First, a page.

THE EVENINGS

A Winter's Tale

Gerard Reve & Sam Garrett (Translator)

I work in an office. I take cards out of a file. Once I have taken them out, I put them back in again. That is it.

Twenty-three-year-old Frits—office worker, daydreamer, teller of inappropriate jokes—finds life absurd and inexplicable. He lives with his parents, who drive him mad. He has terrible, disturbing dreams of death and destruction. Sometimes he talks to a toy rabbit.

This is the story of ten evenings in Frits’s life at the end of December, as he drinks, smokes, sees friends, aimlessly wanders the gloomy city streets and tries to make sense of the minutes,

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I work in an office. I take cards out of a file. Once I have taken them out, I put them back in again. That is it.

Twenty-three-year-old Frits—office worker, daydreamer, teller of inappropriate jokes—finds life absurd and inexplicable. He lives with his parents, who drive him mad. He has terrible, disturbing dreams of death and destruction. Sometimes he talks to a toy rabbit.

This is the story of ten evenings in Frits’s life at the end of December, as he drinks, smokes, sees friends, aimlessly wanders the gloomy city streets and tries to make sense of the minutes, hours and days that stretch before him.

Darkly funny and mesmerising, The Evenings takes the tiny, quotidian triumphs and heartbreaks of our everyday lives and turns them into a work of brilliant wit and profound beauty.

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  • Pushkin Press
  • Hardcover
  • March 2016
  • 320 Pages
  • 9781782271789

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$22.00

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About Gerard Reve & Sam Garrett (Translator)

Gerard Reve (1923-2006) is considered one of the greatest post-war Dutch authors, and was also the first openly gay writer in the country’s history. A complicated and controversial character, Reve is also hugely popular and critically acclaimed—his 1947 debut The Evenings was chosen as one of the nation’s 10 favourite books by the readers of a leading Dutch newspaper while the Society of Dutch Literature ranked it as the Netherlands’ best novel of all time.

Praise

AN OBSERVER AND FINANCIAL TIMES BOOK OF THE YEAR 2016

“A canonical work of postwar European fiction… flares of pathos and despairing love light up the novel’s empty nighttime landscape.”—Wall Street Journal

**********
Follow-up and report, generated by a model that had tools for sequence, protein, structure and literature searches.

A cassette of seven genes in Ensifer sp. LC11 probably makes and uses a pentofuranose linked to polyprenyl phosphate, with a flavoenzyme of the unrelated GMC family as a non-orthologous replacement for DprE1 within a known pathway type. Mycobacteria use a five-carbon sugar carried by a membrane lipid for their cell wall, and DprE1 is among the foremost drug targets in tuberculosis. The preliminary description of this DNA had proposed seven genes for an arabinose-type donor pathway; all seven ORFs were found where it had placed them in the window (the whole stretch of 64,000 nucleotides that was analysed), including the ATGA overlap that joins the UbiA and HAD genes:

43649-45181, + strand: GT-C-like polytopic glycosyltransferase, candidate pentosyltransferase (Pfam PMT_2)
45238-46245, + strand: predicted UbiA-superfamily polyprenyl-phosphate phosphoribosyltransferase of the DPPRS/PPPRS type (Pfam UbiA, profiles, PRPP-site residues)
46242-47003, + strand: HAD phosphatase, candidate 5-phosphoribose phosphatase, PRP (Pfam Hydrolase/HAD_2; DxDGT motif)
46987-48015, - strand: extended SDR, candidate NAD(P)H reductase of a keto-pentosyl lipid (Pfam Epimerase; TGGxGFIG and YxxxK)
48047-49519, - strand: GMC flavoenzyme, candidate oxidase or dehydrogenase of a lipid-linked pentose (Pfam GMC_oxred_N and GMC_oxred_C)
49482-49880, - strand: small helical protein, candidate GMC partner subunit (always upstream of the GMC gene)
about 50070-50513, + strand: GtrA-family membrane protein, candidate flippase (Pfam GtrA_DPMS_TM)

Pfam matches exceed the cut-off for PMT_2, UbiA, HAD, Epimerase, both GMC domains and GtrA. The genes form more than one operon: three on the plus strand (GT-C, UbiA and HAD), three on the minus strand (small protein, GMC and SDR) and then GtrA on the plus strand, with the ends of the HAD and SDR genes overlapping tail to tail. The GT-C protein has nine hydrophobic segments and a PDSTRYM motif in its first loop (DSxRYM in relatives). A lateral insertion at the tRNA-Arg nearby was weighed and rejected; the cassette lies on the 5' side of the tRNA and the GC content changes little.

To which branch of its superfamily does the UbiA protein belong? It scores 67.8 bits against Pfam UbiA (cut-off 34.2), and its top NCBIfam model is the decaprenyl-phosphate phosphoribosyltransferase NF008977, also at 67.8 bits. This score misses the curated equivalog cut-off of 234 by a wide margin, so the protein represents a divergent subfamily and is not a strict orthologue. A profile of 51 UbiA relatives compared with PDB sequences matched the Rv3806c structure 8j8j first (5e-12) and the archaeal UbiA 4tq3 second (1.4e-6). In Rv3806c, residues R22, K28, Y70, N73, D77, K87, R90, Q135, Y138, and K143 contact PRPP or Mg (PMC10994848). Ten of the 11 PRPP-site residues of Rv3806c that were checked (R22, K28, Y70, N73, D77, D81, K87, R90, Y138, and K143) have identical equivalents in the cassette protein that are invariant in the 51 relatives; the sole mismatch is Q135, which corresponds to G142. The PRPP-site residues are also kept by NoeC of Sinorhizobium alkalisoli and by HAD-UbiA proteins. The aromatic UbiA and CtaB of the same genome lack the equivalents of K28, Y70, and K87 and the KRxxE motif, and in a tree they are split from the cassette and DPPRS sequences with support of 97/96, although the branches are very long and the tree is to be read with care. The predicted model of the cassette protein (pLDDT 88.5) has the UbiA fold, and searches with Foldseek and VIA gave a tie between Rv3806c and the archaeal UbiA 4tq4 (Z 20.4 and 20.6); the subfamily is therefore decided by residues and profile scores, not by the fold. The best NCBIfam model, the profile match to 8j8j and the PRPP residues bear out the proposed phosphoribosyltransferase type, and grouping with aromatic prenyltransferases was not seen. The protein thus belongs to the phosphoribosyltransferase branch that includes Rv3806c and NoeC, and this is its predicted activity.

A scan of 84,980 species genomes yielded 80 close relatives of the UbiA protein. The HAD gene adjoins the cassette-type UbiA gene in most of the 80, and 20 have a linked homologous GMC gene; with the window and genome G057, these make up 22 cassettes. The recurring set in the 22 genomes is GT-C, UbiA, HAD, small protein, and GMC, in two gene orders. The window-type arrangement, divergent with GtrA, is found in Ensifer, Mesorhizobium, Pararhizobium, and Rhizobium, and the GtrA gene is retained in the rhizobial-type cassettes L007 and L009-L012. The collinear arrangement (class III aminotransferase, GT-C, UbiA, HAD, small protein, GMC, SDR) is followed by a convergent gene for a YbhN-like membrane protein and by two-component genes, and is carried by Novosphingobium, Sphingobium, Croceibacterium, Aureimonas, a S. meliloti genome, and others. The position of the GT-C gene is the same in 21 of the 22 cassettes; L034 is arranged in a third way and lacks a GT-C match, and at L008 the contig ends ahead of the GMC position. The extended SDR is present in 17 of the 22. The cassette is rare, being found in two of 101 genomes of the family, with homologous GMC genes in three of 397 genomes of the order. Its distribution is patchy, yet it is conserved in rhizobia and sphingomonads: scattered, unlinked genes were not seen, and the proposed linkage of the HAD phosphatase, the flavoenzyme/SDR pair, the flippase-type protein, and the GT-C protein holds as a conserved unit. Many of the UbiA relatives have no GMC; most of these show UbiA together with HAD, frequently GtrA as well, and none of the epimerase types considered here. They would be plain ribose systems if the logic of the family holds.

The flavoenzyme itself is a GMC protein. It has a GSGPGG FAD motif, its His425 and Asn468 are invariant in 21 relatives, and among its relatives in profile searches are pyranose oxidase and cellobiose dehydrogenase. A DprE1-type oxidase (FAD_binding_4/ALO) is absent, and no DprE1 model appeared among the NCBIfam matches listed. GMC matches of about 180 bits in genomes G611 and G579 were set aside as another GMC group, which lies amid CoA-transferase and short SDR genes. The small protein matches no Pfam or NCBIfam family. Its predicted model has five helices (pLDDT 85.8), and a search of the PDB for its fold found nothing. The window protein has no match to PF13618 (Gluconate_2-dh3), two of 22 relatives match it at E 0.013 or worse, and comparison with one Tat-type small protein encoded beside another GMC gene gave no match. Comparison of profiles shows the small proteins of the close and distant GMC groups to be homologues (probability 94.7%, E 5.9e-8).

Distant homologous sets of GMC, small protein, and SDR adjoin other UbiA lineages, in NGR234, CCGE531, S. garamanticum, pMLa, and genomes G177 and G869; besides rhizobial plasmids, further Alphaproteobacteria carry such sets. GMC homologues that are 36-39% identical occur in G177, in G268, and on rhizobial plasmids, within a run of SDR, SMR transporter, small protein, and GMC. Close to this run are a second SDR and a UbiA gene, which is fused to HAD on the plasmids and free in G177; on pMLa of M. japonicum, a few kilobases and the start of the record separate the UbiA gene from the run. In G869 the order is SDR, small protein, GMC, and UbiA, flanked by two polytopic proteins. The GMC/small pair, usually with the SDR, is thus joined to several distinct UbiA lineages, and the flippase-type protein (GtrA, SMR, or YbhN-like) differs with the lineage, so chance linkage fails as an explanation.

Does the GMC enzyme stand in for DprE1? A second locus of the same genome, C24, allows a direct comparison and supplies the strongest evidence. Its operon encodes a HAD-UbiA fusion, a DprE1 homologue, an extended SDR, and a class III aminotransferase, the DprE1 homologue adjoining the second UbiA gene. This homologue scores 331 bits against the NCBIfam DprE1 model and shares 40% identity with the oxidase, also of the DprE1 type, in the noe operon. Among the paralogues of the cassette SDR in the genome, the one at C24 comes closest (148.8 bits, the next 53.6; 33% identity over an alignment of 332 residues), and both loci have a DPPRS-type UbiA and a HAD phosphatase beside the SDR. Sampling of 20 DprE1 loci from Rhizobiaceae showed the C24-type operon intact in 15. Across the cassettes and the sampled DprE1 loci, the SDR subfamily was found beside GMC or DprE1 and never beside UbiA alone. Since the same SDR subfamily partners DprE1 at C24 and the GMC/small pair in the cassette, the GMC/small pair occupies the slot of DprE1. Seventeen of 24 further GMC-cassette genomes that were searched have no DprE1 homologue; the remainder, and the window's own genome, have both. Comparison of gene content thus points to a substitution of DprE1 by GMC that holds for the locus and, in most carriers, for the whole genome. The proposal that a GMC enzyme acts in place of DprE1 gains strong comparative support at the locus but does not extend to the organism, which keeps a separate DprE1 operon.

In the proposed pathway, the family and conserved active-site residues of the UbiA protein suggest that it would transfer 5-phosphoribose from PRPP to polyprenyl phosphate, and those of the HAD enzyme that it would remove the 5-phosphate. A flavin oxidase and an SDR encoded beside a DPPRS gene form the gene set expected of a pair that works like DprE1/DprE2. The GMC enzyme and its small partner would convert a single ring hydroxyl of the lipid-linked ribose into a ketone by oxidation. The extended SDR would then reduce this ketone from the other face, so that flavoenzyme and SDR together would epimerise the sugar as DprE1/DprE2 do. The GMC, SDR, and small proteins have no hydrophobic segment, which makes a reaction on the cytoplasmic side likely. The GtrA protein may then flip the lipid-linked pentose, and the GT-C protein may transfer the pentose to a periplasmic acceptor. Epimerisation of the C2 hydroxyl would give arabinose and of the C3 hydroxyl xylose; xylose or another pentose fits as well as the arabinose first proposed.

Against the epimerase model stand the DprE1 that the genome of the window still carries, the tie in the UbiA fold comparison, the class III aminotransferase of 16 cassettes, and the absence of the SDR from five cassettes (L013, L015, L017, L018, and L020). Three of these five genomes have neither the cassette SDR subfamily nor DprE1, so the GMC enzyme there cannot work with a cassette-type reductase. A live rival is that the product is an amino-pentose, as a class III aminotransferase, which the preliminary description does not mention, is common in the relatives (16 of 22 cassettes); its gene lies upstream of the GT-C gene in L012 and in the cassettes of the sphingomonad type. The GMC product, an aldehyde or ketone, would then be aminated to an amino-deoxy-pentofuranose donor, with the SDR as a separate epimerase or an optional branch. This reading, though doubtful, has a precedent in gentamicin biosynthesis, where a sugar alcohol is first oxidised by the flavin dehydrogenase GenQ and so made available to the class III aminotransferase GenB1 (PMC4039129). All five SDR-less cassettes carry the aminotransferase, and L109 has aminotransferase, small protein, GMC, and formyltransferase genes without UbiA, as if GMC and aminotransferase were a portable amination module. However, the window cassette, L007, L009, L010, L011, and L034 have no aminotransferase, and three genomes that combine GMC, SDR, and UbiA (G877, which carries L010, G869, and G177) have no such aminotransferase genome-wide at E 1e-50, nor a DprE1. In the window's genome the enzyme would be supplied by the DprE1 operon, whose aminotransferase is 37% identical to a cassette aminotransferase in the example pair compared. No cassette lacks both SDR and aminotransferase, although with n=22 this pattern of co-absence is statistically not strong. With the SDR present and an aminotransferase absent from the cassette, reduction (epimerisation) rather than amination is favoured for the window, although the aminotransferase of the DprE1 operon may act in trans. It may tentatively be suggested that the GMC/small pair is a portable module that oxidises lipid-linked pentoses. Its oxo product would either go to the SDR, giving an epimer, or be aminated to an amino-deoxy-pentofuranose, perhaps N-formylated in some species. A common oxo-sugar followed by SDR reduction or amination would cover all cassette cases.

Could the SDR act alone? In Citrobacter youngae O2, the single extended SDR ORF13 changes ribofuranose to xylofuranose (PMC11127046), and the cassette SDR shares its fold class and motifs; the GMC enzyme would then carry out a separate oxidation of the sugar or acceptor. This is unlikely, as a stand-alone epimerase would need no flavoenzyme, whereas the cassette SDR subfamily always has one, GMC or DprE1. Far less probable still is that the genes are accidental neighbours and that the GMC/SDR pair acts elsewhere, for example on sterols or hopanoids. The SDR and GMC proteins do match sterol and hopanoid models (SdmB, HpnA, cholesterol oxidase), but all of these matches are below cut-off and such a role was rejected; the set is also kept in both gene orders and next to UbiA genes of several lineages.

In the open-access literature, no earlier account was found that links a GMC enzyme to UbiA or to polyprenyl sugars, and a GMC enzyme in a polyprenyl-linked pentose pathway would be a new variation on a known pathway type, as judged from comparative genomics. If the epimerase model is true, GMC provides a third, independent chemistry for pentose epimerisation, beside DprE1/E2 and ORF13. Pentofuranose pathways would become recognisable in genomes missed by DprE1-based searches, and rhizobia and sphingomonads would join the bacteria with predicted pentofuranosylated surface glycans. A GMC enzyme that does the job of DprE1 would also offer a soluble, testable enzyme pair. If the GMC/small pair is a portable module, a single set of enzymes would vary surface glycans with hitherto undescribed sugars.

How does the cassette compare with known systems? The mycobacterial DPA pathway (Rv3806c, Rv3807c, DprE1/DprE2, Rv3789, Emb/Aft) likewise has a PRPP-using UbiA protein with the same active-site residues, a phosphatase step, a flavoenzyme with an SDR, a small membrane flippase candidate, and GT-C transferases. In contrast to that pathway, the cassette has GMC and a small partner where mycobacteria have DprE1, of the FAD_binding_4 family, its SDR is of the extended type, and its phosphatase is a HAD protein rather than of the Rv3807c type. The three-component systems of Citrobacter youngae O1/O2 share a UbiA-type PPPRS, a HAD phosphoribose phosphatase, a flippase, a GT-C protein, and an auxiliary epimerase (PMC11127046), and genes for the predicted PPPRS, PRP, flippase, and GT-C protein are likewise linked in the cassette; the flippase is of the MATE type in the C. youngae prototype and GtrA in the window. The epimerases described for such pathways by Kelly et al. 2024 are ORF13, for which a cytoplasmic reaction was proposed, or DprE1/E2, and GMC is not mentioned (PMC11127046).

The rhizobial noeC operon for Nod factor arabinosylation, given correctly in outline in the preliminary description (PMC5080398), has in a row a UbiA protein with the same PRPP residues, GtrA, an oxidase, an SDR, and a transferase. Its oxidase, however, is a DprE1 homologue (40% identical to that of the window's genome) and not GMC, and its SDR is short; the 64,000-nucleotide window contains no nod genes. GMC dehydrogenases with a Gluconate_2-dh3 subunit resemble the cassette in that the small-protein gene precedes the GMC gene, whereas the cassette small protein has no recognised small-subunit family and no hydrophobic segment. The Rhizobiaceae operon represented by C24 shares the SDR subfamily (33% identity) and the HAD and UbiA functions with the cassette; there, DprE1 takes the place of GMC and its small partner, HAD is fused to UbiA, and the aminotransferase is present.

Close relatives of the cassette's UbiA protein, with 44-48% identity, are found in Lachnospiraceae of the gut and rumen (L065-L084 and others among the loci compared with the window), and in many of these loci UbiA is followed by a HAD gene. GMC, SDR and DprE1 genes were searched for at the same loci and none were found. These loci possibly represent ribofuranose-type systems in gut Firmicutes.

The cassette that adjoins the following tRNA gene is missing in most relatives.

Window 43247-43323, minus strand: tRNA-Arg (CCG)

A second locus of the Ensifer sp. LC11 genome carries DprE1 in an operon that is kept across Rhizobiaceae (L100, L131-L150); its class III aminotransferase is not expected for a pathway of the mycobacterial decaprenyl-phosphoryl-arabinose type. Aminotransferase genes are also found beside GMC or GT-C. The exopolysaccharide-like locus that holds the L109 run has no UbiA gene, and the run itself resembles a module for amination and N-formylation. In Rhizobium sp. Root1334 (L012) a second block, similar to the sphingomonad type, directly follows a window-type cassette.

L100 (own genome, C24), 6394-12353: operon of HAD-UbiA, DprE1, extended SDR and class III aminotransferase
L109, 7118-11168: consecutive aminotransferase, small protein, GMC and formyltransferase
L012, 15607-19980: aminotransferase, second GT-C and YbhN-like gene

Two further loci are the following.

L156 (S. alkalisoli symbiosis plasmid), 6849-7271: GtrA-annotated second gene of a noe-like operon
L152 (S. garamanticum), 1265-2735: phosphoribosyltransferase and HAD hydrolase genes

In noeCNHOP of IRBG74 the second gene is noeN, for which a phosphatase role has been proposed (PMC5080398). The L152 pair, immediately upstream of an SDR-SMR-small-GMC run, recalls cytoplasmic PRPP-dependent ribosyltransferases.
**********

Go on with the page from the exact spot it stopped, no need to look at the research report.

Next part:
“Captivating.”—The Atlantic

“A masterpiece.”—National Post

“The funniest, most exhilarating novel about boredom ever written. If The Evenings had appeared in English in the 1950s, it would have become every bit as much a classic as On the Road and The Catcher in the Rye.”—Herman Koch, author of The Dinner

Essay

HOW I BECAME A TRANSLATOR

by Sam Garrett

At times, as a younger translator, I had the guilty sense of having come to this profession as a thief in the night. Many of my colleagues, after all, held degrees in comparative linguistics, in Dutch or English literature. My only academic credentials were – and still are – an aborted journalism major and, finally, a Bachelor of Arts in philosophy. The path that had led me to literary translation was so very different from theirs.

In 1980, after a long series of adventures and misadventures on the road, I found myself living in Amsterdam, in the house that had been squatted and saved from the wrecking ball years earlier by my beloved, my partner for almost forty years now, the mother of my four Dutch children.

For the first few years, as a foreigner from outside what was then still referred to as “the Common Market”, I was not allowed to work in Holland and barely allowed to stay in the country at all. All I could do, once I had tired of endlessly cycling around the city and carrying out consumer comparisons of its pubs and clubs, was read. I began the process of learning Dutch by reading aloud to my beloved from children’s books, with her patiently correcting my pronunciation of the language’s frustratingly frequent diphthongs and explaining cultural references I might have missed. This, supplemented with regular shopping trips to the local street market and my largely one-way conversations in fractured Dutch with the merchants there, was the world’s best introduction to a city, culture and language with which, frankly, I had already fallen in love. Unlike many of my colleagues, it was not that I fashioned myself into a translator, but that this love fashioned a translator out of me.

After two or three years I reached a point where I could actually read fiction and poetry in Dutch. I was working for the Dutch national press agency at the time, as a translator / journalist, but among the first of the gaggle of Dutch classics I devoured was one called De Avonden, by Gerard Reve. It must have been 1983. The novel’s humor – at times wry, at times brutal and socially inappropriate – in combination with its slow, beautiful depiction of a young man at odds with himself, ashamed of his parents and of himself for being ashamed of them, painfully aware of his position in the house of mirrors within which so much of human interaction takes place, came as a revelation. Oh, if only my English-speaking friends could read this!

Thank God no one asked me to translate it at the time; I still had far too much to learn. I would have failed miserably. But the love remained intact. Almost forty years later, after whetting my skills on a roughly equal number of novels and works of non-fiction, the time was ripe. De Avonden, with all its diphthongs and close cultural in-jokes, became The Evenings, it crossed the North Sea and then the Atlantic and, as Frits van Egters muses at the end of the book, “it has been seen… it has not gone unnoticed.” And I, I am free to move on.

Copyright Sam Garrett